Live Webinar | Costing and Managerial Accounting
Save
Live Webinar | Legal and Regulatory Compliance
Save
Live Webinar | Health Plan Payment and Reimbursement
Save
Live Webinar | hfma:content/topic/behavioral_ethics
Save
Blog | Patient Financial Communications

CMS makes templates available to help with aspects of the new surprise billing regulations

Blog | Patient Financial Communications

CMS makes templates available to help with aspects of the new surprise billing regulations

The U.S. Department of Health and Human Services projects that a business operations specialist could need an hour in some cases to generate a good-faith price estimate as will be required for uninsured patients.

CMS has published templates and resources that can guide healthcare providers in implementing some of the surprise billing requirements that take effect in January.

The resources, which are available for downloading, include forms for:

  • Notifying self-pay and uninsured patients of their right to receive a good-faith estimate of expected charges
  • Generating a good-faith estimate
  • Tracking the data elements that are required in the good-faith estimate
  • Tracking required documents for the provider-patient dispute resolution process, which can be used when charges exceed the good-faith estimate by at least $400

Estimates of the burden on providers

A separate file in the resource set provides HHS’s estimates of the cost and time burden that providers will incur in various aspects of the requirement to offer good-faith estimates to uninsured and self-pay patients.

For example, HHS projects that just shy of 3.5 million individuals per year will be entitled to receive such estimates. Almost 512,000 providers with healthcare facilities or physician practices will be obligated to furnish such estimates.

A provider organization’s business operations specialist would be expected to take either 30 or 60 minutes to generate each good-faith estimate, depending on whether items and services also are needed from a co-provider or co-facility.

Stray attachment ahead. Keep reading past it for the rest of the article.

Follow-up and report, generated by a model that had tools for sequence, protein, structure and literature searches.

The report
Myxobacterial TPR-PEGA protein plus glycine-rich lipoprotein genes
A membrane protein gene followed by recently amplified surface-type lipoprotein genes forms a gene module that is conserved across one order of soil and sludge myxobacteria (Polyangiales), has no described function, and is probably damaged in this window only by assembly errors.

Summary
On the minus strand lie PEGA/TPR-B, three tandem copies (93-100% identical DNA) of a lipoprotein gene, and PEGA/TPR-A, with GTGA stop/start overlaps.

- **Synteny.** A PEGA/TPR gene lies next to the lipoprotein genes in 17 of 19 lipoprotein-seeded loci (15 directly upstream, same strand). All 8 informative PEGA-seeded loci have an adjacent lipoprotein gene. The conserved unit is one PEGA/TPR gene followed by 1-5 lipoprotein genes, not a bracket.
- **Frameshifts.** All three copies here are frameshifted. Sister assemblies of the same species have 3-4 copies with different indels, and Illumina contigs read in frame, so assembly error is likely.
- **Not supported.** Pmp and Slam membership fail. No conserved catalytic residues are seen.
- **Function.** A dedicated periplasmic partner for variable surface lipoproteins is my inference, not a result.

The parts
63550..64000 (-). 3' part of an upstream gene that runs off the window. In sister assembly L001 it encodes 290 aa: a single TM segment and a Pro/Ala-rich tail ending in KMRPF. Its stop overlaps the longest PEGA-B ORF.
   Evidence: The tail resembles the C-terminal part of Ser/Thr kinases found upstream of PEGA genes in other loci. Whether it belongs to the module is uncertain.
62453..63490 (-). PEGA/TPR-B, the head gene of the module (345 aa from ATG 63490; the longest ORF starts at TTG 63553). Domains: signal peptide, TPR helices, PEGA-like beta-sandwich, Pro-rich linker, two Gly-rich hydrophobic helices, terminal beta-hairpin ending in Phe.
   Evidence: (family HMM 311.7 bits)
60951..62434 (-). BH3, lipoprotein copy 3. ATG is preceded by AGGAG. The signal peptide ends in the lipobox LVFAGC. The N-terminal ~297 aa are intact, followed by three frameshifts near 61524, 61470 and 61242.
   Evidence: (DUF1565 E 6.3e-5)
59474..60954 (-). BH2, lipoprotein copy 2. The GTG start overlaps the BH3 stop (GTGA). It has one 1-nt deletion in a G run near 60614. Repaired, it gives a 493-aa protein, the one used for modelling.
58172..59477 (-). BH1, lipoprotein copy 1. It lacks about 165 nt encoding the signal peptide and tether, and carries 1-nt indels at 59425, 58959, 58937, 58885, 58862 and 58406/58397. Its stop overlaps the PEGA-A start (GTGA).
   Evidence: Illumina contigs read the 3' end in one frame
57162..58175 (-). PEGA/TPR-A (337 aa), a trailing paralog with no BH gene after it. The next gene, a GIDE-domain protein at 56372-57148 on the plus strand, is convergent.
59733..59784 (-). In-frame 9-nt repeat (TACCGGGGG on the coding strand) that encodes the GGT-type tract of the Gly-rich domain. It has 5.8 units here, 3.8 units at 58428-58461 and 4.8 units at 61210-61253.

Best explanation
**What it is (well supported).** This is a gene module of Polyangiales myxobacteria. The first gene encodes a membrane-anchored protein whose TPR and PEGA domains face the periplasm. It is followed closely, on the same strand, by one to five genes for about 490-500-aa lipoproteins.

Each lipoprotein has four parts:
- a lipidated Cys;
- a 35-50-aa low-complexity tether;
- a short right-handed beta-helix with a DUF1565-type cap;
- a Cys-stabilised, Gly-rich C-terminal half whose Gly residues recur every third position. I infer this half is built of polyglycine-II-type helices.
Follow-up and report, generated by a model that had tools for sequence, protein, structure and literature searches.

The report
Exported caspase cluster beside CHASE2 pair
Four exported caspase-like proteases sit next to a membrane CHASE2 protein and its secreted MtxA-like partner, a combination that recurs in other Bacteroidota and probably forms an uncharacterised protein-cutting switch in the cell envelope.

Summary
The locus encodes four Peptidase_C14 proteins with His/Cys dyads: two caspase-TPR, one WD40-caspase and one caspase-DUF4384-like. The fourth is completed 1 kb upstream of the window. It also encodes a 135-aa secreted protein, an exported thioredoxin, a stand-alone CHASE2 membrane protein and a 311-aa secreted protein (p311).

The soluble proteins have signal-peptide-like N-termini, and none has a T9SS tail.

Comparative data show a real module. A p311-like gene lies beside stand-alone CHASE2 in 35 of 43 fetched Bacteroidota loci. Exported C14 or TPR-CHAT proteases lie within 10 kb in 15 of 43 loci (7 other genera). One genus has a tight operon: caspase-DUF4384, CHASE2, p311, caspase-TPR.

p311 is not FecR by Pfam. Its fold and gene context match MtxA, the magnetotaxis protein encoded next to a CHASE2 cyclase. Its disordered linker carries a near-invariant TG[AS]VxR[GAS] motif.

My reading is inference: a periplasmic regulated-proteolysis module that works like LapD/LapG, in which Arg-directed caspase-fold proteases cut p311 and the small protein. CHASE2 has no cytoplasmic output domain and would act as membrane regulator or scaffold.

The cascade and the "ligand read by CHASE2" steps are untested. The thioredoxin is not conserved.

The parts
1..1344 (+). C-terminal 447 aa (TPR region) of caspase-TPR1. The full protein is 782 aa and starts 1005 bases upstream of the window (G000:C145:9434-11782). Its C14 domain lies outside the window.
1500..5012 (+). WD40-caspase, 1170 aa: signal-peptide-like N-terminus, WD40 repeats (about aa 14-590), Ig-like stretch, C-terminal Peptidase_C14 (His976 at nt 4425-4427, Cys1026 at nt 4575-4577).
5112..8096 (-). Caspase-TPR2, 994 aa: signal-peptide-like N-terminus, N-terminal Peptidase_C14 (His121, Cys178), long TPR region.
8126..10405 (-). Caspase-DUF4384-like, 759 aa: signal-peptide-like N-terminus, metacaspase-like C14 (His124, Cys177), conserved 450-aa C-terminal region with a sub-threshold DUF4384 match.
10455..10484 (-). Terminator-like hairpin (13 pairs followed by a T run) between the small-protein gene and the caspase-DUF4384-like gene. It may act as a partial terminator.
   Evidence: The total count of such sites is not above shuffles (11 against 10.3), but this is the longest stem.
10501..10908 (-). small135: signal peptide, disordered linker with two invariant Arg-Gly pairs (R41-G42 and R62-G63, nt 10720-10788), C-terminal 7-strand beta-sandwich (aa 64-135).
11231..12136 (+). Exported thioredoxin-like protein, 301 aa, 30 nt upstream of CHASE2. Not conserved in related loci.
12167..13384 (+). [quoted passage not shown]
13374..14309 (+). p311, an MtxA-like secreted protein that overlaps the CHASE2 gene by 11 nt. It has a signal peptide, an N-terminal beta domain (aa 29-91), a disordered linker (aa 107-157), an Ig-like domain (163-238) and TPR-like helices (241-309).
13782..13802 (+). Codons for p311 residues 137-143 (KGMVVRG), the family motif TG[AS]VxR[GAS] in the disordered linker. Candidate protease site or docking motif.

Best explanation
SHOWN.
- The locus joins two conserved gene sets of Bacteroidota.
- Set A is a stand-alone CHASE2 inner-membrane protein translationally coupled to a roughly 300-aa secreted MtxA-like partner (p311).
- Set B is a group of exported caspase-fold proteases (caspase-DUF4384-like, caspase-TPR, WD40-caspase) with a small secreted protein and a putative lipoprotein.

CMS has stated that in 2022, it will exercise enforcement discretion in situations where the estimate leaves out charges from a co-provider. The relaxed enforcement recognizes the need for “additional implementation time to develop appropriate communication channels that may not yet exist among various co-providers or co-facilities.”

About the Author

Nick Hut

is a senior editor with HFMA, Westchester, Ill. (nhut@hfma.org).

Sign up for a free guest account and get access to five free articles every month.

Advertisements

Related Articles | Patient Financial Communications

Article | Revenue Cycle

How to protect your revenue cycle on the road to price transparency compliance

While the CMS hospital price transparency rule has been in place for more than a year now, the vast majority of hospitals are still noncompliant.

News | Patient Financial Communications

No Surprises Act regulations remain a moving target for compliance

Amid all the rules stemming from the No Surprises Act, a looming mandate for providers to send cost estimates to health plans looks like the biggest stress inducer.

Article | Patient Experience

The CommerceHealthcare® AP Card converts paper-based supplier payments to virtual card payments

Find out how one bank helps healthcare organizations innovate to meet urgent mandates to improve the patient financial experience and enhance market position in the face of rising consumerism and heightened competition.

Article | Revenue Cycle

Three opportunities to improve the patient experience — before the patient steps in the door

Providing a positive patient experience requires attention at every encounter. With today’s staffing shortages, however, this can be challenging.